Schedule a selection of shares to go live over the day, from your list of interesting sites (DO NOT just copy/paste your tweets! Twitter & Facebook are two very different beasts, you’ve got much more room on Facebook, so make the most of it!)
Try to include some amount of videos & image share too (If you’re stuck, check for YouTube channels of the list of interesting sites!).
Google Plus – 5 mins
Check for any comments on your Google+ page
Check for any new followers of your page and try to engage with them (thank them, comment on one of the shares on their page, etc.
Schedule a selection of interesting shares to go live over the day.
As with Facebook, try to share videos occasionally
+mention the people whose posts and shares you’re re-sharing
Check for a relevant Google Plus community to join, or if you’re already a member of one, find a couple of shares in that community to comment on, re-share, or both.
Well done! That’s taken care of Twitter, Facebook and Google+ in 15mins! Go grab a coffee then get on with the rest of your day! See you in the afternoon
Afternoon Social Media Session
Twitter – 5 mins
Check for any replies or mentions from the morning session, reply appropriately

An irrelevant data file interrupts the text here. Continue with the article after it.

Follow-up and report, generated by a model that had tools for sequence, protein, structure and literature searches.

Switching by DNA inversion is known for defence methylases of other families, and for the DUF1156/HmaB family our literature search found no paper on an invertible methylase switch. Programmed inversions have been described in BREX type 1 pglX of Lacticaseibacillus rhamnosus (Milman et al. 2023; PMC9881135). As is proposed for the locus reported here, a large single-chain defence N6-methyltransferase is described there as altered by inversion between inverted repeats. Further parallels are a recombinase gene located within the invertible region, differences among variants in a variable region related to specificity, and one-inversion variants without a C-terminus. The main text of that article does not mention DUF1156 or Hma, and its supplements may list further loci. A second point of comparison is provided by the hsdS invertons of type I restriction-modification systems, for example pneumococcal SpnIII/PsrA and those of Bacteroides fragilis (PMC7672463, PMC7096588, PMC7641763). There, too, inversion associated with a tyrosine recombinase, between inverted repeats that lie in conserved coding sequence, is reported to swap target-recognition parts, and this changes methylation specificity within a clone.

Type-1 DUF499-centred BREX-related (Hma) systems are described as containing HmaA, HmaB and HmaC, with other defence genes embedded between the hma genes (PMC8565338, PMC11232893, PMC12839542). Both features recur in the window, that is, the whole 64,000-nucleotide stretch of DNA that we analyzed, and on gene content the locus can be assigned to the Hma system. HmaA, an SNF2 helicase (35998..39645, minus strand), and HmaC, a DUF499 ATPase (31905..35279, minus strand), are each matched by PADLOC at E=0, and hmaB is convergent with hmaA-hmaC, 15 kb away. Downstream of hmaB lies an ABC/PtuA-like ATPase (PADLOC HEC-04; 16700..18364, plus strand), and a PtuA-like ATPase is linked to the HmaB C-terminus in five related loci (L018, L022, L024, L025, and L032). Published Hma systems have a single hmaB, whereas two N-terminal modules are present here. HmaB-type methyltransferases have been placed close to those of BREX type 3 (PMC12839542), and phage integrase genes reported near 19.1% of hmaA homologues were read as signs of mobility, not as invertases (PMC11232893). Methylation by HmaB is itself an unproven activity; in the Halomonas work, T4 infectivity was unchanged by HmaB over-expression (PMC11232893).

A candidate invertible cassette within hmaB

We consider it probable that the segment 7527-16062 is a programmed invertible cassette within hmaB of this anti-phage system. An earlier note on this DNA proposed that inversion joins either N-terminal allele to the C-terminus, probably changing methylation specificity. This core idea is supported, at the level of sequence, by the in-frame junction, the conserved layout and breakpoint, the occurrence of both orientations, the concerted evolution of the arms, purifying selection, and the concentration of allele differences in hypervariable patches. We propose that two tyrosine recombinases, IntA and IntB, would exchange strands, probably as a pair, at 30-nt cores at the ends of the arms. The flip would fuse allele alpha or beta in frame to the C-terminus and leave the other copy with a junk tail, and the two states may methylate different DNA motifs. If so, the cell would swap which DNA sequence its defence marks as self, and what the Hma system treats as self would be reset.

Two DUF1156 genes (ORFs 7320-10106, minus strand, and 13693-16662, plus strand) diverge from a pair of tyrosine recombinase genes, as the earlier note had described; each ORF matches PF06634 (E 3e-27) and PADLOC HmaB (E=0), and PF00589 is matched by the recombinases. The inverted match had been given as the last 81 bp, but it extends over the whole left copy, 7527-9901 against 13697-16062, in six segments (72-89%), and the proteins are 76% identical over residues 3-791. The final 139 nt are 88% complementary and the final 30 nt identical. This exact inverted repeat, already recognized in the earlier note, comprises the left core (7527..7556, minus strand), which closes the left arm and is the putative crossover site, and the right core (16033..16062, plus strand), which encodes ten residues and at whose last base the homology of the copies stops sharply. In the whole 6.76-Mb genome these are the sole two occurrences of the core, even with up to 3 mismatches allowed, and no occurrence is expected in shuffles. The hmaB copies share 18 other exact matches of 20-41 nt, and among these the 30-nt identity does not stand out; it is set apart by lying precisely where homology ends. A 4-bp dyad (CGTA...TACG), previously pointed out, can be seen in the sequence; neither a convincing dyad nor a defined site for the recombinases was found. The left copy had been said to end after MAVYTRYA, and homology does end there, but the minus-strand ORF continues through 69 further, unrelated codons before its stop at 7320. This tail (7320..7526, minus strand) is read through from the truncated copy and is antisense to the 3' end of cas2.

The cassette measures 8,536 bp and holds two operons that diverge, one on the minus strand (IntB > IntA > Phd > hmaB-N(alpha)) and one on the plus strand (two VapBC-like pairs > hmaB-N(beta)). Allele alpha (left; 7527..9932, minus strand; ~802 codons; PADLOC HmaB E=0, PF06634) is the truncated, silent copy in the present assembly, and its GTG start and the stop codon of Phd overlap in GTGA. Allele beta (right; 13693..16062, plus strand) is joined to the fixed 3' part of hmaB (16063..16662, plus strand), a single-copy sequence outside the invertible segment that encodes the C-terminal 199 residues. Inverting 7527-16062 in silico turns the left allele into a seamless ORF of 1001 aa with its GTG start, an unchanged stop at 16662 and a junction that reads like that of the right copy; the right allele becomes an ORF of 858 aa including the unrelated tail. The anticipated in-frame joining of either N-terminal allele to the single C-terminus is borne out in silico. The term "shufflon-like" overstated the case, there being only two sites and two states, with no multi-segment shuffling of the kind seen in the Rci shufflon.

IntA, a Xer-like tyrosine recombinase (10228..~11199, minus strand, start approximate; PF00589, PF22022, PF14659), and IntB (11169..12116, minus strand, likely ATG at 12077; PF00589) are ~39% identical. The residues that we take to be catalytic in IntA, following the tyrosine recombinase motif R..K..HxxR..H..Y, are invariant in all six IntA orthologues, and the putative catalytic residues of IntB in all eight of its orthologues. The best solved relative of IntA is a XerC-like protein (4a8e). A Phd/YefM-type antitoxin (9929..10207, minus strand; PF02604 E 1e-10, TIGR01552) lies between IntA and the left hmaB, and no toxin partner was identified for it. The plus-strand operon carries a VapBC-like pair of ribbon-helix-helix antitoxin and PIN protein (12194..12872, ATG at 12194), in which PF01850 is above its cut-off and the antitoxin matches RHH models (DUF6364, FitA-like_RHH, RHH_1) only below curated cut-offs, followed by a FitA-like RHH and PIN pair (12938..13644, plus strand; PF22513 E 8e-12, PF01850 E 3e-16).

Check for any DMs from the morning session, reply appropriately
Often when you get to work you’re too busy to start right away, so make things easy on yourself, and schedule a tweet to go live in the morning to buy you some time!
Add one influencer in your industry to a public twitter list (don’t need to do this every day, a couple of times a week is fine – pick the best people).
Facebook – 5 mins
Check for any comments or messages and reply.
As with Twitter, schedule a share or two to go live first thing, to buy you some well needed time in the morning.
Google Plus – 5 mins
Check for any comments and reply appropriately
Spend 2 or 3 mins looking over other people’s shares and try to find one or two to comment on.
When you find a share on someone else’s account worth sharing, add that person to a circle (create a new circle if you don’t have an appropriate one for them already). Note: People will be notified you added them to a circle, but won’t be told what the circle you added them to is called.